By Thomas Ferraro
WASHINGTON (Reuters) - Republican U.S. Senator Ted Cruz of Texas, a Tea Party favorite seen as a potential 2016 presidential contender, on Thursday put Democrat Hillary Clinton's chances of winning the White House at 40 percent.
"The media thinks she is unstoppable, but they also thought she was unstoppable in the 2008 Democratic primary," which Barack Obama won en route to the White House, Cruz said of the former secretary of state and wife of two-term U.S. President Bill Clinton.
Cruz said Clinton would be vulnerable in a general election for a number of reasons, including what he called Obama's failed economy and the traditional shift in voter preference.
"There is a natural pendulum in politics," Cruz said, with the public often ready to turn to the other party after one party has held the White House for eight years.
Obama is in his second, four-year term.
Cruz, who spoke at a Politico Playbook Breakfast, was pressed by moderator Mike Allen on whether he planned to run for the presidency.
"It's premature," the Texas Republican said.
But Cruz said Republicans would stand a better chance of capturing the White House if they put forward a conservative, rather than moderate, candidate.
"Let's look at the last 40 years," Cruz said. "Every single time Republicans have nominated a presidential candidate who ran as a strong conservative, we won. And every time we have nominated a candidate who ran as an establishment moderate, we lost."
"What I find to be astonishing is that the D.C. political consultants look at that record and say, 'In 2016, we need another establishment moderate," Cruz said.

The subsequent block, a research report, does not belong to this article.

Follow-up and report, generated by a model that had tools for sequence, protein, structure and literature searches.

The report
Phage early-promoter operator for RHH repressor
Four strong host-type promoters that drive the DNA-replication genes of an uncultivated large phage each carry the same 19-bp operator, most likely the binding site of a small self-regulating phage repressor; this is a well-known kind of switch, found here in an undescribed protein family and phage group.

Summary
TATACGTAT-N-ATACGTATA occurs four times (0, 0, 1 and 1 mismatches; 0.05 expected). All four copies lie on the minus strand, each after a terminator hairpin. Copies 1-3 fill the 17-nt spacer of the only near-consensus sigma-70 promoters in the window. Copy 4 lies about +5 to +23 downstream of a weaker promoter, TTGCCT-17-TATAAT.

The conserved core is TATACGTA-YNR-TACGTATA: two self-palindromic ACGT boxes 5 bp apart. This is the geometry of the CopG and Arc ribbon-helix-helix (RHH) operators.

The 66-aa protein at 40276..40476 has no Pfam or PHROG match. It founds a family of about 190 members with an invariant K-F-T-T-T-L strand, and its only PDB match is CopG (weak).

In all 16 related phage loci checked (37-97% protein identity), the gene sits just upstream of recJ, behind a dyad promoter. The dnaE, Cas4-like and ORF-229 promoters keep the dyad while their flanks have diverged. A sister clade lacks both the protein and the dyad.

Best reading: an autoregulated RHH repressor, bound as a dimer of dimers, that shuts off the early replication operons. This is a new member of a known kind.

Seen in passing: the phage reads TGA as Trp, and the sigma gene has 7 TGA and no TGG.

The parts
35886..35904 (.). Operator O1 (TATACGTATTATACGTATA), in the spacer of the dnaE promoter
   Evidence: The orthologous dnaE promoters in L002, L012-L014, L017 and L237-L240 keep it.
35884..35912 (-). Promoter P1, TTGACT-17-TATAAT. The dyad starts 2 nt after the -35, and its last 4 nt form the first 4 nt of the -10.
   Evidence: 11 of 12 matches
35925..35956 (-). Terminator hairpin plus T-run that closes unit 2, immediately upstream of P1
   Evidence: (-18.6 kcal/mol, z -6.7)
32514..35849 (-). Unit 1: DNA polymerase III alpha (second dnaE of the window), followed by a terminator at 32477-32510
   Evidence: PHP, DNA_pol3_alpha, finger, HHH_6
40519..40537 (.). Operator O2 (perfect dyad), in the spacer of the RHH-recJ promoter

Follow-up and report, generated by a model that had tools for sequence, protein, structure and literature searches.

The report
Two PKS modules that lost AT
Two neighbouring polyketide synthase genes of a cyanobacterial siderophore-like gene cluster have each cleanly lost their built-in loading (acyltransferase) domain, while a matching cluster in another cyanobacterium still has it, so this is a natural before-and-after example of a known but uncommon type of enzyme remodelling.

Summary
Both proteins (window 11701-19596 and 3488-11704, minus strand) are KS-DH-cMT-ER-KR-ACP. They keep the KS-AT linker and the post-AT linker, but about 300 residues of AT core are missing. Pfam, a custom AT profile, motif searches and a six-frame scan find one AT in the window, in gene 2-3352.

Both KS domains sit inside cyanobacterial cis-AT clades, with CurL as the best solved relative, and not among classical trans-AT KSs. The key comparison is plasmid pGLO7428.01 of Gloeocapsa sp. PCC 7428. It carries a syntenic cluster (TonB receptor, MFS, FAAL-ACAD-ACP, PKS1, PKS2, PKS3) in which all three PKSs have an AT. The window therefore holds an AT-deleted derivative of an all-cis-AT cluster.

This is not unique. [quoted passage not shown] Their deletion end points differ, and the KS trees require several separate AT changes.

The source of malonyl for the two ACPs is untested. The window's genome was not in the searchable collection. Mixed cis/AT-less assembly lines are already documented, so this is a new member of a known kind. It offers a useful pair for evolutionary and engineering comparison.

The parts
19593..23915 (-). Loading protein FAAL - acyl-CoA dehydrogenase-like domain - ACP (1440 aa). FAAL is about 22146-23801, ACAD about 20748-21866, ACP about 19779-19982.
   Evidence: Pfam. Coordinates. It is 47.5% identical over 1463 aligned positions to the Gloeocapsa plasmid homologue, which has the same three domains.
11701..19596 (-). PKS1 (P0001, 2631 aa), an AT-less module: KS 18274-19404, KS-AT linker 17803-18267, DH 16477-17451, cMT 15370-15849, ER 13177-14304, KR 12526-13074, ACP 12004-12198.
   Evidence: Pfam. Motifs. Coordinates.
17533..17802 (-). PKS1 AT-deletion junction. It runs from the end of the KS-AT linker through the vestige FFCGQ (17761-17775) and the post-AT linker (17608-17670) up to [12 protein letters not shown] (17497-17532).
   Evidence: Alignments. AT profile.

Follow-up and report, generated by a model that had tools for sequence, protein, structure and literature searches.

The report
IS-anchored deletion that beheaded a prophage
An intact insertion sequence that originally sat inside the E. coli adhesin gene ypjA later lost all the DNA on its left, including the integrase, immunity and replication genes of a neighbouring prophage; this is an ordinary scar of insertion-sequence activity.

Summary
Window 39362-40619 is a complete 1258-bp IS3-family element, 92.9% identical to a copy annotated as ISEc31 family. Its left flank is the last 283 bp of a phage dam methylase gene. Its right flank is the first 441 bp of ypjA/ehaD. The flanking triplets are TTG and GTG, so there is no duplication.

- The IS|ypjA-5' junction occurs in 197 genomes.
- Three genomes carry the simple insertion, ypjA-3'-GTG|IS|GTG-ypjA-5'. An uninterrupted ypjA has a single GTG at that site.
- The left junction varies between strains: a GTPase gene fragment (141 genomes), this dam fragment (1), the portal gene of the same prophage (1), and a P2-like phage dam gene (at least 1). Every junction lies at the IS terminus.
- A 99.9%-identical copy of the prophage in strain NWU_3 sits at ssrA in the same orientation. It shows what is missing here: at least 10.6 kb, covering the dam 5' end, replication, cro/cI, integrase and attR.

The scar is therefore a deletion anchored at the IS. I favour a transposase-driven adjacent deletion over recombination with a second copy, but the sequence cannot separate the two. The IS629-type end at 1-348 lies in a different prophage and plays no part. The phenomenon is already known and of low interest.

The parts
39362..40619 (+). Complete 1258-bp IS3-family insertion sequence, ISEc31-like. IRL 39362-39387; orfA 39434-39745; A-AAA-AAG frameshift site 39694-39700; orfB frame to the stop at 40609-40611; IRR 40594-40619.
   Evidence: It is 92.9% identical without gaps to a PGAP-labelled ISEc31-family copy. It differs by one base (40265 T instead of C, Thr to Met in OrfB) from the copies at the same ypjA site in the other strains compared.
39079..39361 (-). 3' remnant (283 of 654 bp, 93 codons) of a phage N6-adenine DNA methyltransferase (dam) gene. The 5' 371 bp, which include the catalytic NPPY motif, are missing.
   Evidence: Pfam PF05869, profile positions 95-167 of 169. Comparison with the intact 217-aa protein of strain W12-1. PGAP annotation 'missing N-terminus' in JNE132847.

As a freshman senator, Cruz has earned a reputation as an outspoken conservative who has won the admiration of the anti big government Tea Party movement. He has also accused Senate Republican leadership of being too willing to compromise.
Last year, he bucked leadership and pushed a strategy to deny funding to President Barack Obama's healthcare plan that resulted in a 16-day government shutdown. The strategy fueled ill will toward Cruz among many Senate Republicans when the shutdown provoked a public backlash against their party.
More recently, Cruz demanded that the Senate come up with 60 votes - rather than 51 - to advance a bill raising the debt ceiling. That put a handful of Republicans, including Senate Minority leader Mitch McConnell of Kentucky, in the awkward position of having to vote to allow the debt ceiling bill to move forward even though they opposed it.
Tea Party-backed candidate Matt Bevin, who is challenging McConnell in a primary election race in Kentucky, has criticized him over the vote, saying he caved in to Democrats.
Cruz said he would stay out of the primary contests.
"I'm not supporting any of the senators in my party or their opponents," he said. "I'm leaving it to the grass roots to make their decision."
(Reporting By Thomas Ferraro; editing by Gunna Dickson)